3 min read

Linking user databases and usage analytics

February 4, 2021
The problem

You’re part of a business who want to make data-driven decisions about how to improve their SaaS product. It’s your job to provide great analytics to help with that. But wait! Your product is not B2C, it’s B2B and all of your most important metrics are things like:

  • % of companies on paid plan
  • % of companies with daily usage by at least one administrator

and other quite Piratey things like that.

Oh no! Your standard product analytics in Google Analytics or Heap or whatever only show you what single persons did, not what groups of people did.

How do you proceed?

First, our setup

(so you know if this is relevant to you)

We use

  • an AWS RDS Postgres database to hold user data: who they are, which companies they’re part of, their roles in those companies, etc.
  • Segment.io to receive usage analytics (from front and backend code), who then format and send on the events to whichever cloud analytics we like that week (say, Google Analytics or keen.io or heapanalytics.com).

All pretty normal.

But what about the groups magic?

Somehow you need to link the “current state” info about people and groups from Postgres to the “actions” info from analytics.

If you’re using a similar setup to us, segment.io have two awesome things to help you out:

  1. Segment’s .group() call to link a user with an identified for the (or each) group/company that the user is associated with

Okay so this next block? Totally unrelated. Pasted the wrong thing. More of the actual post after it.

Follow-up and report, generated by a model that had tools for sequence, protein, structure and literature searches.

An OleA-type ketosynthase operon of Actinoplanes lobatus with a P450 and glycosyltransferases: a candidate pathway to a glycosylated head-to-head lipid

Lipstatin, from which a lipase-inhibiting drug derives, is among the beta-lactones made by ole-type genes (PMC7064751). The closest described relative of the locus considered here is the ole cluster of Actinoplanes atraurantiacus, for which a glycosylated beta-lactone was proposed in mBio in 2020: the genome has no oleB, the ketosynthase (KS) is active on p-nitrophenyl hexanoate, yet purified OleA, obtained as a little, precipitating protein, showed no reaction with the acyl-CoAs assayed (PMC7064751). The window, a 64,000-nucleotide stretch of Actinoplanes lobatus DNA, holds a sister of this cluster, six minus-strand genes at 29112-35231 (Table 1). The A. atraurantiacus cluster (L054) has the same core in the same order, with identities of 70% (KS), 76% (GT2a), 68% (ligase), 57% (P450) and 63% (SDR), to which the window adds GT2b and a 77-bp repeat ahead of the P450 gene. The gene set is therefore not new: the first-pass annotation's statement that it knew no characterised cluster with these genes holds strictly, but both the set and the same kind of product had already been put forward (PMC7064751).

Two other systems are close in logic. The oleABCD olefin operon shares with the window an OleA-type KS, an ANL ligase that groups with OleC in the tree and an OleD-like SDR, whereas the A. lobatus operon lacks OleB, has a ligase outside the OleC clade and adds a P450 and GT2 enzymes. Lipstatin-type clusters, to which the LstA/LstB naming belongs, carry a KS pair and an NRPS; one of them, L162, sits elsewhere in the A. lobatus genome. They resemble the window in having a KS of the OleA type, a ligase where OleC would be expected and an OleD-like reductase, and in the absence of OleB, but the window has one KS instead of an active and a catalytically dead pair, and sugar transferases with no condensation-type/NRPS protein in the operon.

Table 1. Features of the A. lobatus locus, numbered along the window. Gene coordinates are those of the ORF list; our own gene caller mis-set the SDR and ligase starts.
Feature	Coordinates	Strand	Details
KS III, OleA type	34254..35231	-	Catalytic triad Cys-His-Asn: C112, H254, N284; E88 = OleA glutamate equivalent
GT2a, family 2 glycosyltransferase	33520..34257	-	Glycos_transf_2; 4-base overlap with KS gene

2. Segment’s just-launched Data Warehouses which let you get all your analytics into a nearly-no-management-needed Postgres or AWS Redshift data warehouse

All about that warehouse, no trouble

In fact for us, the new Data Warehouses have pretty much eliminated our need for using .group() at all, because we can just get our analytics data and our user data near enough to each other that single SQL queries can join between them.

One option is that you let Segment pipe your analytics into the same Postgres database as your user data (in its own table space hopefully, folks).

Another (and our chosen) option is to let Segment pump analytics into Redshift, and then to use an AWS Data Pipeline to also copy just the user data you need for analytics into the same Redshift database. This felt better to me, because you can (likely) avoid copying any tables to Redshift with personal information in. For example: if you only need to be able to measure “which companies had an administrator login every day last month”, you might only need to copy your companyperson relationship table, which might look like this:

<div class="code-embed"><div class="text-block-27">person_uuid  company_uuid  role_in_company<br></div></div>
aa-11-aa     ff-55-ff      ADMINISTRATOR<br>
ab-12-df     fd-98-cv      MEMBER<br>
...          ...           ...

This data is no more sensitive than what you’re already sending into your analytics, which should make you feel warm and fuzzy.

Setting it up

Setting up Redshift is fairly straight forward if you’re already using AWS, and getting Segment to talk to it is a doddle.